Time for another installment of the graduation gift guide, as we veer a bit outside of the traditional gifts toward those a bit more offbeat.
Pocket knife — I’m a firm believer every guy should own a knife. Whether you carry it in your pocket, briefcase or just have it sitting on your desk, it’s an essential tool that you’ll use often.
You should always use the sharpest knife possible, no matter what task you’re performing — from chopping food in the kitchen to opening letters. Having a dull edge only results in a greater chance of injury.
Of course, while there are many types of knives ranging from tactical knives to multi-tools to gentleman’s folders, it’s probably important to think about how the knife will fit the lifestyle of the person using it.
If they’ll be sitting in an office, I’d go with the more graceful lines of a gentleman’s folding knife, perhaps opting for horn scales (but wood is just as nice). If they’re more of an outdoors, rugged person, then consider a decent lockback. If you think they’ll need a go-anywhere small pocket knife that’ll serve multiple purposes, then you can’t go wrong with a Swiss Army knife — and you can get them with aluminum scales.
The graduation gift guide continues into day three as I explore gift ideas for those leaving academia and entering the working world.
Slide belt buckle — If the graduate is likely to find themselves at a job where they’ll be wearing dress trousers daily, then investing in a quality belt buckle might not be such a bad idea. The slimmer, 1” size of the buckle can be used with a variety of leather straps and swapped quickly.
If you don’t know the graduate’s size, then buy them the buckle and a gift card to a store where they can purchase a strap on their own (straps can be found at Brooks Brothers, Ralph Lauren, Paul Stuart and lots of other places). Add a monogram and you’re all set with a great personalized gift they can easily use every day.
Again, which metal to go with will likely depend on what other metal items they wear. My preference is to wear gold buckles with brown leather and silver buckles with black leather. However, I do think that silver can be put with brown and look just fine, especially with darker tones like burgundy.
I think the neatest and most classic designs look like the one above: an engine turned front with room for initials, however, a plain front would be good for those who have a more sleek, modern and casual style.
It’s graduation season and I’m listing gift ideas each day for those on your list. Stay tuned and click here to see other items in the graduation gift guide.
Cufflinks — Given the dominance of button-cuff shirts in ready-to-wear clothing these days, it’s becoming more rare to see men sporting French-cuff shirts and building a collection of cufflinks. Still, those moments do seem to happen when a guy suddenly finds he needs to perhaps don a tuxedo or receives a shirt as a gift and cufflinks suddenly become the accessory he never thought to buy, but now finds he needs to own.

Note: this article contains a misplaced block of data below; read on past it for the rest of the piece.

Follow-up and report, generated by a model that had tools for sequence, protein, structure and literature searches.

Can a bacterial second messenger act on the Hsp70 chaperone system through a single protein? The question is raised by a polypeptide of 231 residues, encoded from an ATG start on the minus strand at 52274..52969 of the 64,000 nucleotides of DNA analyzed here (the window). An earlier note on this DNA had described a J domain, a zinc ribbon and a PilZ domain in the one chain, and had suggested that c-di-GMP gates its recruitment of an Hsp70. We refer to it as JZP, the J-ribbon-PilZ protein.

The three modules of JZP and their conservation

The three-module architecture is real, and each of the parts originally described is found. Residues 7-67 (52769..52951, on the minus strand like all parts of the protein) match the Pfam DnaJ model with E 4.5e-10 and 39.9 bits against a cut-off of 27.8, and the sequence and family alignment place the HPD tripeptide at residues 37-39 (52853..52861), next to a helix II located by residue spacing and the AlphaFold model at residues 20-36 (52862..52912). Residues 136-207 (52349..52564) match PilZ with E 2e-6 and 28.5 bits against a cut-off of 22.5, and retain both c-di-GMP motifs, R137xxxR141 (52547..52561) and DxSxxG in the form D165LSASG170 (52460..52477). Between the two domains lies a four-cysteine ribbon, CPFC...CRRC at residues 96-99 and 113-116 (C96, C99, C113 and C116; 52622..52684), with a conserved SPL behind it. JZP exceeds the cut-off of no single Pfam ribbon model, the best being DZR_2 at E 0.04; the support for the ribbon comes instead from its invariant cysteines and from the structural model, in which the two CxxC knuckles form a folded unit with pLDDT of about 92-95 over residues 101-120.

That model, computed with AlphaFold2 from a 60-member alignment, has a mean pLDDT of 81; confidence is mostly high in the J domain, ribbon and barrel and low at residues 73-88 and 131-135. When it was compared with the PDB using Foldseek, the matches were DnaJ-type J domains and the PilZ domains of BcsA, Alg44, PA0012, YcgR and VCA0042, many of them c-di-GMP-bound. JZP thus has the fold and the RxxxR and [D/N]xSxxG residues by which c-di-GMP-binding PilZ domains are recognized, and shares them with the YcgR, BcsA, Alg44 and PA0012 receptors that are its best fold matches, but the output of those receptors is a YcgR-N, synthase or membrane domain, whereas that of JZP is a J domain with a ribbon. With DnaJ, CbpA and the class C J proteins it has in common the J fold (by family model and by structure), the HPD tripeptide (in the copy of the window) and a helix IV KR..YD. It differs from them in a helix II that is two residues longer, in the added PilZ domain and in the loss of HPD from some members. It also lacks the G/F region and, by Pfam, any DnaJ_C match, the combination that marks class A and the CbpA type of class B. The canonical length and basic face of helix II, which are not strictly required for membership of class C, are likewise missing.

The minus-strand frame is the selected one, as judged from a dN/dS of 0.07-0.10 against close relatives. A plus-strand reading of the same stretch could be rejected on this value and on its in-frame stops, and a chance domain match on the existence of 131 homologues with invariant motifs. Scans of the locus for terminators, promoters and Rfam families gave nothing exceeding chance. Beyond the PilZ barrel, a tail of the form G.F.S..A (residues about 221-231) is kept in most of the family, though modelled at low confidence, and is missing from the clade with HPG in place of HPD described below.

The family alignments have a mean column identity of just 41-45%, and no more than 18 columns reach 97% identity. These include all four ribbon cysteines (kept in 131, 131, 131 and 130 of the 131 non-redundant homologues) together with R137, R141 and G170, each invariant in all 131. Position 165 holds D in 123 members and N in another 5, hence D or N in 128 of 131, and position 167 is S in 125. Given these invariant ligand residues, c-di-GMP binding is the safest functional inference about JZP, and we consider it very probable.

For this reason, cufflinks make a great gift. They’re simple, functional and elegant. They’re one of the few pieces of men’s jewelry that doesn’t look terribly dandified or overly flashy — provided you go with a more classic style instead of a gaudy one.
In terms of construction, I would avoid cufflinks that feature a “swivel” mount (example) on their back for two reasons. First, it’s a point of failure that can swivel from the “secure” position to the “insecure” one quite easily, causing you to lose a cufflink. Second, I believe a quality cufflink has its design on both ends, linked by either a solid metal bar (example) or a set of linked pieces of metal (example). A cufflink with a “swivel” end is a cufflink that cheats you out of an elegant design on both sides of your cuff.
What type of metal? Well, sterling silver is always a good bet, as is gold-plated sterling silver. Purists would tell you that you should always match your metals, but I don’t feel it’s a hard and fast rule. It seems nowadays that silver tones are more popular than gold tones, so perhaps go for that — given that your graduate is likely younger and looking for more modern accessories. For what it’s worth, I feel that silver accessories look best with more formal occasions, especially black tie, as the silver seems to have a higher contrast against black.
With graduation coming up this month, I figured it’d be good to go over some gift ideas in the next few days that would be perfect for those leaving institutions of higher learning for the professional workforce. Click here to see other items in the graduation gift guide.
Money clip — Admittedly, it’s a bit of a risky gift to give someone who might prefer using a wallet. (I find most guys have a system that works for them and have no desire to change it.) But if you notice the grad carries cash loose or already uses a money clip, this is a bit of a no brainer to provide an upscale upgrade for them.
While a lot of great designs exist, there are many truly terrible ones, too. Avoid designs with gimmicks like USB ports, sports teams and overly-designed embellished logos. Instead look for a plain, solid design or perhaps engine-turned lines. Feel free to have their initials engraved, too.
Most on the lower end will be made from steel, but if you can afford it, then look at money clips that are sterling silver — you really want some weight to this so you know it’s still ing your pocket. I prefer designs that are slim and flat, as it’ll likely sit in your front pocket and any irregular bumps will make for an odd feeling.